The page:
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Debt consolidation, also known as debt management, is a way of combining all your credit accounts into one, meaning one payment to one company every month. Besides simplifying your debt, debt consolidation eliminates multiple finance charges, and often offers lower interest rates, meaning a lower monthly payment.

According to an accounting outsourcing firm in UK, there are different kinds of debt consolidations that an individual can opt for to simplify the debt and enjoying reduced monthly payment.

What kinds of debt consolidation are there?

1. Balance Transfer

A balance transfer is simply transferring the balances of all your credit accounts to one credit card. Often, if this is a new credit card, there will be an introductory period in which there is no interest charged on the balance transferred. If you don’t have the option of opening a new credit card account, you could transfer your high rate balances to a lower rate card, which will save money in the long run. Before going through with a balance transfer, make sure that there are no extra fees that could eat up potential savings.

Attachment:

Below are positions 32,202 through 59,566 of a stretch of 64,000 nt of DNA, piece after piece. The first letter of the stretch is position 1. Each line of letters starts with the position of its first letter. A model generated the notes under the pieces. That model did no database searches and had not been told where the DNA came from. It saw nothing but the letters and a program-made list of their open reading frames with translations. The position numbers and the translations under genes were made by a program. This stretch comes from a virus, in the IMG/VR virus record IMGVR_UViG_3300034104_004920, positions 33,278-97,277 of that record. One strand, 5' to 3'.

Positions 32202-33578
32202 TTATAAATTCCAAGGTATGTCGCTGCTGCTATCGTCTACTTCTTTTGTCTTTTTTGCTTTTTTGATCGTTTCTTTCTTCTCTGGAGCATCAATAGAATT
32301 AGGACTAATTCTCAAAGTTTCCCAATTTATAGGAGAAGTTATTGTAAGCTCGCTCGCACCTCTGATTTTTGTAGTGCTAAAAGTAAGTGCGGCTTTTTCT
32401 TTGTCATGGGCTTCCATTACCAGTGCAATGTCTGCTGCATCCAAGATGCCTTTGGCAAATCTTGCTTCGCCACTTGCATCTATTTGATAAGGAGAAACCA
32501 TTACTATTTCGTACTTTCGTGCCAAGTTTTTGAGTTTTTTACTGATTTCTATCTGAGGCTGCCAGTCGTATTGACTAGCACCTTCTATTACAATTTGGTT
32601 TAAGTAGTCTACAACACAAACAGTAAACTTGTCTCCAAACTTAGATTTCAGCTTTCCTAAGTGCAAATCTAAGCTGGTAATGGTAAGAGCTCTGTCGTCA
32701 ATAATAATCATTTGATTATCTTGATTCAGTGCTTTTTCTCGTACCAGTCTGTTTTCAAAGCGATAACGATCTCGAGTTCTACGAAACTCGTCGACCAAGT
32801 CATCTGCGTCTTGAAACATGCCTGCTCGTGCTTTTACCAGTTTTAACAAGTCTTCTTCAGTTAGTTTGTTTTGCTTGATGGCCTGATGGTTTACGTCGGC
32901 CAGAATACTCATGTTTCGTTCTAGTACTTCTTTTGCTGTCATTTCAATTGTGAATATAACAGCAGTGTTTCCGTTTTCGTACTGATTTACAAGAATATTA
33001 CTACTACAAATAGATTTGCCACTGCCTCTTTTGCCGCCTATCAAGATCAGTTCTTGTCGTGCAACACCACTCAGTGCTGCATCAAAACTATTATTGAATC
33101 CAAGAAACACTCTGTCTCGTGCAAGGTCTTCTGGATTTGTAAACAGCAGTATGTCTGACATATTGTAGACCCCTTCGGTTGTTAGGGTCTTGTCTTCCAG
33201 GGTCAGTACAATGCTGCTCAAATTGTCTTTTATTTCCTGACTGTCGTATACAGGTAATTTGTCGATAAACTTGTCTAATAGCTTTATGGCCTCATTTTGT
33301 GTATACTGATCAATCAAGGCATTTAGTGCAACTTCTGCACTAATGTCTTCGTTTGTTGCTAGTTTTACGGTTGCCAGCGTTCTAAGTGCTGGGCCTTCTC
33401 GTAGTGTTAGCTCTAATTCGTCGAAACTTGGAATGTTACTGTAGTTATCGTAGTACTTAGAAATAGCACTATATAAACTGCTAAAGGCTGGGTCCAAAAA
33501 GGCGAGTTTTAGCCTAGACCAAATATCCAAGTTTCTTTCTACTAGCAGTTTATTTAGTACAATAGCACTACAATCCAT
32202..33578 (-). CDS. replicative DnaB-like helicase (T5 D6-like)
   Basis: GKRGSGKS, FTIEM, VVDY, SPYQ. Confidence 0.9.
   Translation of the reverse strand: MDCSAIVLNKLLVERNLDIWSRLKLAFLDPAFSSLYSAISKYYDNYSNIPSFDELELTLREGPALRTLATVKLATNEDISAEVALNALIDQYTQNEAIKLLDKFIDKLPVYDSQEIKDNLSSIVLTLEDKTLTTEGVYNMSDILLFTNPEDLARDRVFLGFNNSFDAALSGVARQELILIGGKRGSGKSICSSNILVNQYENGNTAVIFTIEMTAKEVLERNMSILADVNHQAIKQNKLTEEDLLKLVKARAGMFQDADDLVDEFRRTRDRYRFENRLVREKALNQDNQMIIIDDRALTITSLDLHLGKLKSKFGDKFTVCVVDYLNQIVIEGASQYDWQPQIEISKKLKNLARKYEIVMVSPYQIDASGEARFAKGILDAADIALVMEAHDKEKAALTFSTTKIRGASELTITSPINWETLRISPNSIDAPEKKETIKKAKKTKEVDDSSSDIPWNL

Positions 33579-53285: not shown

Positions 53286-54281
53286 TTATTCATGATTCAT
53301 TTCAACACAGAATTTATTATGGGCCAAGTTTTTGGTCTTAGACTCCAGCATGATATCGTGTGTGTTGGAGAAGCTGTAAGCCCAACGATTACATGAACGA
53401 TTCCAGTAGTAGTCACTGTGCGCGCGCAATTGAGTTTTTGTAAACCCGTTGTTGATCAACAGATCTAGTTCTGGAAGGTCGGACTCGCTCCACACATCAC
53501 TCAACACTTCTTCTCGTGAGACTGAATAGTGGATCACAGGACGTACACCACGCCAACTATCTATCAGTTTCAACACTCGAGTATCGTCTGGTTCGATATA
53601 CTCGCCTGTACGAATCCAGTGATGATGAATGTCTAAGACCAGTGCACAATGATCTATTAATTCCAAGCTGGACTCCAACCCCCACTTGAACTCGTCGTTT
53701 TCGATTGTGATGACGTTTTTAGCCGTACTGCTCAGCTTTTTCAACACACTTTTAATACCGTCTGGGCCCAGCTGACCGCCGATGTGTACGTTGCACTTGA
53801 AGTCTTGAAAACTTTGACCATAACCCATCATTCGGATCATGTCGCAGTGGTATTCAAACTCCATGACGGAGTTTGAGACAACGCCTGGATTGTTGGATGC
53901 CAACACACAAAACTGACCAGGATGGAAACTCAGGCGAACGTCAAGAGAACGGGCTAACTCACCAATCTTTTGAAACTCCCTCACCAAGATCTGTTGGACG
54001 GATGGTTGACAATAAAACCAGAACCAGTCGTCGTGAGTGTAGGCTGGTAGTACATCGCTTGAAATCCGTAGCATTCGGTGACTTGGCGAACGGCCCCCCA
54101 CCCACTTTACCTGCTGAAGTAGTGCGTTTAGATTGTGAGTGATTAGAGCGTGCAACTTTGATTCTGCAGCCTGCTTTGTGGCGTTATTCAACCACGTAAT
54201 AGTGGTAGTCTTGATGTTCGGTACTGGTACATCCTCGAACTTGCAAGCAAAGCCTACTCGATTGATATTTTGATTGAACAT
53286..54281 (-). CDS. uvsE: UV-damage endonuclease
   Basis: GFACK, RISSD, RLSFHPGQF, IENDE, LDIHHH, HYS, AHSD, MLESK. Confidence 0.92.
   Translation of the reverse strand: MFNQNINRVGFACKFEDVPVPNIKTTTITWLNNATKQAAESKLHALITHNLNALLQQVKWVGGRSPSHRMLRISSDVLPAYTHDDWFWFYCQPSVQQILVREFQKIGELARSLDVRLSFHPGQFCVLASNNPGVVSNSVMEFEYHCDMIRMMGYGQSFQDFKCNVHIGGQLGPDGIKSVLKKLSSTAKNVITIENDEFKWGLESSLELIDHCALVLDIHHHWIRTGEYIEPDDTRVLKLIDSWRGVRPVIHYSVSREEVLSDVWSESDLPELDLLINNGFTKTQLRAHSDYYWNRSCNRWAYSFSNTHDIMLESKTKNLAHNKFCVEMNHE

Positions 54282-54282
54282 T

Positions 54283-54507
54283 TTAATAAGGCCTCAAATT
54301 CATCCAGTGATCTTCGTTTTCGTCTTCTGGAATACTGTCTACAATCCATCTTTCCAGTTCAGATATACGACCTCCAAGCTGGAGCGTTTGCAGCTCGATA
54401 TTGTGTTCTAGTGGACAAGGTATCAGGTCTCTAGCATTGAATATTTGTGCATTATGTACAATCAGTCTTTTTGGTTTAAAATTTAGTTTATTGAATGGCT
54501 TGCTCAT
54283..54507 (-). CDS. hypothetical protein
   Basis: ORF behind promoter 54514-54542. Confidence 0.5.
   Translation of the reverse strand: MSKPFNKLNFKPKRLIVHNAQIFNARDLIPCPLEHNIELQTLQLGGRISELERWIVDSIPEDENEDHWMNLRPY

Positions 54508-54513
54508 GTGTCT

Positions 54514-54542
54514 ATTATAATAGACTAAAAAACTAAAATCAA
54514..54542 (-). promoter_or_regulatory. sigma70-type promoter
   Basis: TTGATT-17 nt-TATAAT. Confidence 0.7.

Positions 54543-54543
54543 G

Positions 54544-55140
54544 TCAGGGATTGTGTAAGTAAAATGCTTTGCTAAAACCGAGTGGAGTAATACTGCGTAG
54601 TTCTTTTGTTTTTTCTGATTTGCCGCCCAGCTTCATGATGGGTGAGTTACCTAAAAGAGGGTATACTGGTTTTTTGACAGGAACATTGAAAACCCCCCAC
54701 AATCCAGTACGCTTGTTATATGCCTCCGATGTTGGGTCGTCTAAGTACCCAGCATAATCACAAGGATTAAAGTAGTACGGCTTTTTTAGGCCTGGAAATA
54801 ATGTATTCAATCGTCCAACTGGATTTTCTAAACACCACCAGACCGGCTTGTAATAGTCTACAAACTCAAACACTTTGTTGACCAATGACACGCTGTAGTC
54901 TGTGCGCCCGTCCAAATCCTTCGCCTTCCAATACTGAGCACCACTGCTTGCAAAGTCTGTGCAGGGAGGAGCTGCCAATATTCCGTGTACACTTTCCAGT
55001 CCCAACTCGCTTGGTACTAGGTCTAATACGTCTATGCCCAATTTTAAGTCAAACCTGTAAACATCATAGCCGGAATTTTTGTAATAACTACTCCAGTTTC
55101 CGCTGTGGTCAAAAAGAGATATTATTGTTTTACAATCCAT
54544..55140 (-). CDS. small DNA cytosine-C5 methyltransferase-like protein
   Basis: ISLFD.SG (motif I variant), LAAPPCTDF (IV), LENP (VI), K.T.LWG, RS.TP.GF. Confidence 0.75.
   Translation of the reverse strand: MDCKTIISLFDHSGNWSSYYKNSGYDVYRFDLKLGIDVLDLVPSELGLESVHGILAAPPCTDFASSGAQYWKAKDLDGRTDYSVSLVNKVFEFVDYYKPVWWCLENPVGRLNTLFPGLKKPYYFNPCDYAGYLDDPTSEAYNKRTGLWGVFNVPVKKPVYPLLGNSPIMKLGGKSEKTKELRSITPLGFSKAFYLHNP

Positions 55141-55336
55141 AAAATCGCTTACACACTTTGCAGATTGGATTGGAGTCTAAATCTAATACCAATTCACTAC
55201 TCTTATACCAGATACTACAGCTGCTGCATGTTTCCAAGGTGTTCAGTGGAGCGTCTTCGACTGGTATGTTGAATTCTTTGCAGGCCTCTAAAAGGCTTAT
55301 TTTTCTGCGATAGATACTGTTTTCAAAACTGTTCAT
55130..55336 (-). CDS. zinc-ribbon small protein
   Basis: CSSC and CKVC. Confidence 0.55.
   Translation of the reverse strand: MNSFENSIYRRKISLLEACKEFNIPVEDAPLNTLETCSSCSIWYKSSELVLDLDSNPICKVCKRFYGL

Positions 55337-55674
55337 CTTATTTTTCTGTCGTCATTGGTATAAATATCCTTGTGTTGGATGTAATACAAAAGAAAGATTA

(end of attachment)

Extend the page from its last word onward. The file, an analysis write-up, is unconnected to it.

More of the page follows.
2. Home Equity Loan or Line of Credit

A home equity loan is a loan for a set amount of money that is to be paid back over a pre-determined amount of time, while a home equity line of credit is an open-ended amount that you can borrow at any given time, similar to the credit limit on a credit card. Both are borrowed against the equity in your home, and offer low interest rates. Be careful with this option, however, as defaulting on these types of loans could mean foreclosure.

3. Debt Consolidation Loan

This is a loan from a bank or debt consolidation company that is used to pay all your balances. Instead of having multiple balances on different accounts, you’ll just be paying the debt consolidation loan. These types of loans may charge loan origination fees and monthly service fees, so read the fine print before applying.

4. Borrowing Against Life Insurance or Retirement

This is the least advised method of consolidating debt. For life insurance, you can borrow up to the cash amount of the policy. You don’t necessarily have to make payments on the loan, but it means there will be no death benefit to pay your final expenses when you die.

Borrowing against retirement requires you to pay the loan back within five years, or you’ll face penalties and taxes. If you lose or leave your job, the loan must be paid back within 60 days, or you’ll face the same penalties.

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